I was quite amazed that it was originally published in 1958 because it seems like he is writing it now in this day and age (minus the references to what a great innovative businesses Motorola is, which Philip A. Fisher kept until his death). All the lessons, the ideas, and fundamentals of how good businesses work are classic and can be applied to current businesses.

For example, he mentioned about finding management and executive leaders of companies who have “vivid spirit”- I like that term!

“”You need the greatest possible number of vivid spirits in an organization – exceptional entrepreneurs with the determination not just to leave things at their present state but to drive improvement.”

I also liked that it was not very dry to read, it was somewhat of an easy read (well, at least compared to something like The Intelligent Investor or Security Analysis).

Finally, I like learning about people, and I enjoyed reading Kenneth Fisher’s introduction about his father and his description about his father. Kenneth Fisher described his father as a quiet, stoic man. Unfortunately in his later years he suffered from Alzheimer’s dementia.

I found it quite amazing that Philip Fisher was able to obtain so much Scuttlebutt about companies to invest in, working just regular ‘business’ hours and spending time with his family after work, telling bedtime stories to his sons. Usually people who are great at something have a focus that is unbalanced and they are more withdrawn in other areas of their life (e.g. like family).

What I Did Not Like About Common Stocks and Uncommon Profits

It was a good read, lots of great quotes and nuggets of wisdom.

This is a little silly but I didn’t really like the introduction written by his son Kenneth Fisher. There seemed to be a sense of arrogance from his son’s writing.


Here are some great quotes that I found especially profound from Philip Fisher from his book Common Stocks and Uncommon Profits and other Writings.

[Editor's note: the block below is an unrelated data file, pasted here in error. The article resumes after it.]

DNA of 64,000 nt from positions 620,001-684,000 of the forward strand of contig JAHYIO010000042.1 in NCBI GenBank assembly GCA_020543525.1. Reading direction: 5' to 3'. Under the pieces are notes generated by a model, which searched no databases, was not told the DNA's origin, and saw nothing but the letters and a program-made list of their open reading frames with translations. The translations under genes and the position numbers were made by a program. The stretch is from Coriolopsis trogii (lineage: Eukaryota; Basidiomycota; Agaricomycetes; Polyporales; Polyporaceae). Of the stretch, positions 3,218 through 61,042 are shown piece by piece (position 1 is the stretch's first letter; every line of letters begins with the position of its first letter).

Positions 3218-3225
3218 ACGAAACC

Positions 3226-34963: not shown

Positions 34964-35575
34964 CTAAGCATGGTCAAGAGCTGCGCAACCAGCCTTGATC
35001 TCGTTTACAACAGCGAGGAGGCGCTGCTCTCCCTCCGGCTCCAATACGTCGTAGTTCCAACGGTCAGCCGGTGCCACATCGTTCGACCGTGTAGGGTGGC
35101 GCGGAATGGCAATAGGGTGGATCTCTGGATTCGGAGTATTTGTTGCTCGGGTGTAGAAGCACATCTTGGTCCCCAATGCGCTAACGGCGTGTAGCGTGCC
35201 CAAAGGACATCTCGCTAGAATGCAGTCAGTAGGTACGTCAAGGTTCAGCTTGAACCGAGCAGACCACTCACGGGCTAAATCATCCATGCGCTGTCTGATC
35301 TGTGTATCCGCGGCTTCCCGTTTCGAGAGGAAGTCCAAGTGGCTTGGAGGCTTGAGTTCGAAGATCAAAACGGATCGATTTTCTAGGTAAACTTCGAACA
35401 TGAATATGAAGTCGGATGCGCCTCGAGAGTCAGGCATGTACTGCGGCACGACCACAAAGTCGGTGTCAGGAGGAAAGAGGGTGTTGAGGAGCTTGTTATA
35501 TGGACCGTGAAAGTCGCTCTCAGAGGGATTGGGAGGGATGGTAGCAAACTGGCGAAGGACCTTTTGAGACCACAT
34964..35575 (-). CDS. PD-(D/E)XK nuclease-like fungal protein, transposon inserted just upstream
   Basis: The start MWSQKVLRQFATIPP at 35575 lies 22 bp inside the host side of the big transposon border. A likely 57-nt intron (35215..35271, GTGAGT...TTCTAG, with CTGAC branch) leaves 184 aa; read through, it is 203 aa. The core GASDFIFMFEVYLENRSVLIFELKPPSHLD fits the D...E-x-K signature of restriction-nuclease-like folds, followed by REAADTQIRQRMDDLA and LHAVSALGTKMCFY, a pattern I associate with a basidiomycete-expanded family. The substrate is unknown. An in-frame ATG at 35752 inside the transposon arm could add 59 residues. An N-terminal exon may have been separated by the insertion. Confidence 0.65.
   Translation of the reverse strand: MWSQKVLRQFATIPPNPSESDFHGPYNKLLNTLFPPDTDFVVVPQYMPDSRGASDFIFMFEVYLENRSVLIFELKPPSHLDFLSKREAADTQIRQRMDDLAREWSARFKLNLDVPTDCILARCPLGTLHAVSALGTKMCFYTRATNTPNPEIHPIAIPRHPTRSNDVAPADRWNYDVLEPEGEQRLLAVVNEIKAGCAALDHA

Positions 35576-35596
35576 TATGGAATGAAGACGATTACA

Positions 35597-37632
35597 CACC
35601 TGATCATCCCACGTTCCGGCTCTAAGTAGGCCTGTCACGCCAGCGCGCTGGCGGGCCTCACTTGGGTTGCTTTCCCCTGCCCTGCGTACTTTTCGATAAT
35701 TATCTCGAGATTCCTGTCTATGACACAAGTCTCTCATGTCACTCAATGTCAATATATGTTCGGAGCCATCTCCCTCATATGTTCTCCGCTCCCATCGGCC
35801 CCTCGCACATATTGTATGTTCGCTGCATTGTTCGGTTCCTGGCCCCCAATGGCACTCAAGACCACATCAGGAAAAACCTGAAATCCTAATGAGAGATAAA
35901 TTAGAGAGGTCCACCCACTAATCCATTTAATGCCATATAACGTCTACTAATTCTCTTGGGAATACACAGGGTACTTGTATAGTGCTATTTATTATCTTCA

“If the job has been correctly done when a common stock is purchased, the time to sell it is— almost never”

“The only true test of whether a stock is “cheap” or “high” is not its current price in relation to some former price, no matter how accustomed we may have become to that former price, but whether the company’s fundamentals are significantly more or less favourable than the current financial-community appraisal of that stock.”

“Investors have been so oversold on diversification that fear of having too many eggs in one basket has caused them to put far too little into companies they thoroughly know and far too much in others they know nothing about”’s Verdict

I would definitely recommend reading this book if you’re interested in investing in individual companies as a long term buy and hold investor.

He has an ability to narrow concepts down and explain what you need to know as an investor easily.

Philip Fisher is so wise!!

Every investor is different. Although he proposes that an investor have no more than 20 individual stocks in a portfolio, there are many dividend investors and Canadian dividend investors who have done really well holding more than 20 individual companies in their portfolio.

You could easily find a Common Stocks and Uncommon Profits PDF online if you’re interested in reading it. You can also get the book here from Amazon or the public library.